Home sleep study

“Because the Pillar procedure actually places a permanent stitch under the lining of the soft palate, the result is permanent,” Fulmer said. “We often use the palate coblation as a “touch-up” for those patients who have had the Pillar procedure and are not completely satisfied. If they have other areas of their palate which need to be stiffened, then this is a perfect solution to get them quieter.”

The Sleep Center does offer a home sleep study, which Fulmer advises is a much more economical option for evaluating someone who is thought to have sleep apnea.

“They are able to take the study in the comfort of their own bed and get a true reading of how they sleep in their own environment,” Fulmer said. “It is also about a fourth of the cost of a traditional “in-lab” sleep study and gives us all the information we need to decide if a patient has sleep apnea, how severe it is, and if CPAP is an option.”

Lifestyle changes

A large number of sleep apnea cases in adults is preventable,” Siddiqui said.

“Obesity is the most important factor,” she said. “Better lifestyle with improved diet and exercise are the key to managing this subset of patients in the long run.”

And snoring isn’t just an adult problem.

“A lot of children with attention deficit disorder may in fact have sleep apnea,” Siddiqui said. “And parents may witness loud snoring, mouth breathing, restless sleep and even gasping.”

Some cases can be improved by tonsillectomy and adenoidectomy, she said.

Lifestyle intervention, including healthy diet and ample physical activity is imperative in the pediatric population, she said.

Helpful hints

  • Sleep on your side. Lying on your back makes the base of your tongue collapse to the back wall of your throat. Try taping a tennis ball to the back of your pajamas to keep you from rolling over on your back. Elevate your head with an extra pillow.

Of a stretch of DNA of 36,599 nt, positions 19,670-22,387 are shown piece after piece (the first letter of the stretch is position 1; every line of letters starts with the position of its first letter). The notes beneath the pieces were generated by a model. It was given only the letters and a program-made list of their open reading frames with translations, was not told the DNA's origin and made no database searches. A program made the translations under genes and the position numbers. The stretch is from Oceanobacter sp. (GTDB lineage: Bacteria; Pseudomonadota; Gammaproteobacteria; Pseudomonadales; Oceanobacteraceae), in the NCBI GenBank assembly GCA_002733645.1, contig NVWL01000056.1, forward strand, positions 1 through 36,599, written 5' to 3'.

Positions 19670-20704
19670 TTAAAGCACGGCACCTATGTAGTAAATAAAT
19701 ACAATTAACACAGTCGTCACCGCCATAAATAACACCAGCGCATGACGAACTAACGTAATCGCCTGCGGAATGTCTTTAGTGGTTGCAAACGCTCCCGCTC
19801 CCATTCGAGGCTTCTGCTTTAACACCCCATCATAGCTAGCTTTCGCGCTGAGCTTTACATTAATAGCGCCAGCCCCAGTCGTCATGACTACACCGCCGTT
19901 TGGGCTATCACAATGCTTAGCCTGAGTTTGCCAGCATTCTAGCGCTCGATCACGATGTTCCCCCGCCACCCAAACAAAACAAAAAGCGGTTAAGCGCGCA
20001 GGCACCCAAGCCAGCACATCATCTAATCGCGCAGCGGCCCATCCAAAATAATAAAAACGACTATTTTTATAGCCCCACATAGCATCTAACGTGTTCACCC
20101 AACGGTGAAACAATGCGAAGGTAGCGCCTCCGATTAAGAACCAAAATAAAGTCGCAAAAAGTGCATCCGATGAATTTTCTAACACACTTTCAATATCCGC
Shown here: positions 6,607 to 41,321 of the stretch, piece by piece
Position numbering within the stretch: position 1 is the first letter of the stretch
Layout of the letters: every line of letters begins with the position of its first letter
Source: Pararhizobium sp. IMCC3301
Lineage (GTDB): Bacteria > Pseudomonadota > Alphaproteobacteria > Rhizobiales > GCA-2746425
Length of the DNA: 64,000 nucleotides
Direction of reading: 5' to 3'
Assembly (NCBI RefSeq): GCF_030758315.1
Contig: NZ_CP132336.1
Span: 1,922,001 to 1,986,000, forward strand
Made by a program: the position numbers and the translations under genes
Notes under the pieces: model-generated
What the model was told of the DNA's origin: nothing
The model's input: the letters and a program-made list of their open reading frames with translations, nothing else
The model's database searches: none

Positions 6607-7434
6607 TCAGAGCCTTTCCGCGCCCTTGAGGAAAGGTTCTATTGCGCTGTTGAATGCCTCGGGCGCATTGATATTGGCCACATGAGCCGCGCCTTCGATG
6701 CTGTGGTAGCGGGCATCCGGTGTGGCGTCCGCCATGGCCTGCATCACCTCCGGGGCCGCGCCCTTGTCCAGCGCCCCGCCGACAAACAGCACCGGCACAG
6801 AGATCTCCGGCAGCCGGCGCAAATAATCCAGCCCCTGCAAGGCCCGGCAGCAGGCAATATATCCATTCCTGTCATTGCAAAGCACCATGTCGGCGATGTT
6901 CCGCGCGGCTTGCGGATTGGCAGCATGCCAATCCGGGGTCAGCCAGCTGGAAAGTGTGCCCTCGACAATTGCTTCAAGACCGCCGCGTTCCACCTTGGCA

• Lessen your alcohol intake. Alcohol and sedatives relax the throat.
  • Lose weight. Excess weight causes fat to accumulate around your neck, squeezing the internal diameter of the throat, making it more likely to collapse during sleep.
  • Quit smoking. Smoking aggravates the throat tissues and causes them to vibrate more.

Holistic remedies

Homeopathic throat and nasal sprays, neti pots and aromatherapy are natural remedies that enthusiasts swear by. Marjoram oil is believed to be the most appropriate, but a blend of essential oils can also work.

Over-the-counter products

  • Nasal strips: Bands of plastic embedded in an adhesive pad keep your nose open, making breathing easier.
  • Nasal support devices: Adjustable devices that fit in the nose. Also, consider nose clips that clip on the septum.
  • Anti-snoring mouthpiece: A device that fits in your mouth that pushes your jaw forward while you sleep.
  • Anti-snoring pillow: Supports and positions the head and neck to improve alignment, causing the throat to open the airway passage.

Where to get help

The Snoring Center
Dr. Craig Schwimmer Dr. Paul Fulmer 3900 Essex Lane, Suite 215, Houston 713-622-2345

View article on The Daily News – Coast – Heath & fitness Section (p.32)